The process of mutual unification (POP) remains the most widely used way and the best way to eliminate double taxation. The effective use of PPIs by different instruments has been of interest to the OECD and the EU for more than 20 years. According to bePS, the number of double taxes is increasing and the number of POPs continues to increase. There is a growing emphasis on ensuring better dispute resolution techniques to more effectively eliminate double taxation. This article describes some of the features of the instruments currently available. On 18 November 2020, the Organisation for Economic Co-operation and Development (OECD) organised its second OECD tax security day as a virtual event (the event). During the event, the OECD published the 2019 Regulations on Mutual Agreement Procedures (MAP), 1 of the 20192 MAP Awards, and also announced a public consultation on the revision of minimum dispute resolution standards under Action 14.3. Aruba, Bahamas, Barbados, Belize, Benin, Bermuda, British Virgin Islands, Burkina Faso, Cabo Verde, Cameroon, Congo, Congo, Democratic Republic of Congo, Djibouti, Dominica, Egypt, Gabon, Grenada, Haiti, Jamaica, Liberia, Mongolia, Montserrat, Nigeria, Northern Macedonia, St. Lucia, St.
Vincent and the Grenadines, Sierra Leone, Sri Lanka, Ukraine, United Arab Emirates and Vietnam. Within the EU, the EU Arbitration Convention came into force on 1 January 1995 as an instrument that promised to allow the elimination of double taxation between Member States. It is important that it provides for a binding and binding arbitration mechanism that eliminates double taxation, with the advice of an independent advisory body, if the competent authorities fail to reach an agreement after two years. This went beyond the existing bilateral agreements at the time, which simply required the competent authorities to make their «best efforts» to eliminate double taxation. Pop statistics 2019 are also available by reporting country. In 2006, the OECD began producing annual statistics on the number of cases of all its member countries and partner countries that say they are ready to provide these statistics. Statistics are available for each of the countries listed below. The most recent available statistics correspond to the 2014 reference period. These statistics show that at the end of the 2014 reference period, the total number of open cases of POPs reported by OECD countries was 5423, an increase of 18.77% over the 2013 reference period and an increase of 130.57% over the 2006 reference period (POP cases involving two OECD Member States are counted twice in this total). For OECD countries for which data have been provided, the average time to complete MAP files with other OECD countries was the average time: for 2019, the statistics contain information from all OECD and G20 members as well as members of the Framework of Reference and Profit Transfer (BEPS) who joined the inclusive framework before 2020 – for a total of 105 countries 4 countries 2018 in the 89 countries concerned. Data for 2019 cover almost all POPs cases worldwide.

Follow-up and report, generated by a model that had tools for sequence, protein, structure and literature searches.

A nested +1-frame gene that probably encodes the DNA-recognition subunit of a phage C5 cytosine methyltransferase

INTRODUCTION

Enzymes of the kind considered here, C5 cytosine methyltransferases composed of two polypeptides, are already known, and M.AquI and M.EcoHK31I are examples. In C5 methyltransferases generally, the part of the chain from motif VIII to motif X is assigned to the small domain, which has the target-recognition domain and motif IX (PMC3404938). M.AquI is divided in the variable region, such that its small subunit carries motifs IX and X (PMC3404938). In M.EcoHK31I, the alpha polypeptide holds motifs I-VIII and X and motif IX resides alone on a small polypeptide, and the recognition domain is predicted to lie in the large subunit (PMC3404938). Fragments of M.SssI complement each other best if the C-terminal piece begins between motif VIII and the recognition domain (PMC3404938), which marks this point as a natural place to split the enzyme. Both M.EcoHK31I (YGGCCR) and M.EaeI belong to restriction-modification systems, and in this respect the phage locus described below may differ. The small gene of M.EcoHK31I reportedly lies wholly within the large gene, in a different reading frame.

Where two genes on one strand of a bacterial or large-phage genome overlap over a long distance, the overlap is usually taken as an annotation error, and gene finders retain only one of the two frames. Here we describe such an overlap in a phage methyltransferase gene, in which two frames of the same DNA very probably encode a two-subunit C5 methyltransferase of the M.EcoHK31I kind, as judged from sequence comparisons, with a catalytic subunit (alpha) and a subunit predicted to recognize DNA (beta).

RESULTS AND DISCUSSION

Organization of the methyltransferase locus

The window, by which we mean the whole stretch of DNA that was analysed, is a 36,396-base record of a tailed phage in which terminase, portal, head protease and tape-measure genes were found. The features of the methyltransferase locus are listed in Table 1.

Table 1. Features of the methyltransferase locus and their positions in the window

For transfer pricing cases and «other cases» (i.e. transfer pricing) for 2019, separate statistics are provided for: The «Action 14» report reflects countries` acceptance of a minimum standard for resolving contract disputes. One element of the minimum standard requires that courts attempt to resolve POPs cases within an average of 24 months. Even in the event of an arbitration request, the EU review found that there could be many shortcomings in the system, including delays or lack of setting up the advisory committee and the lack of agreement on the appointment of the chairman of the advisory committee that delays or prevents the procedure.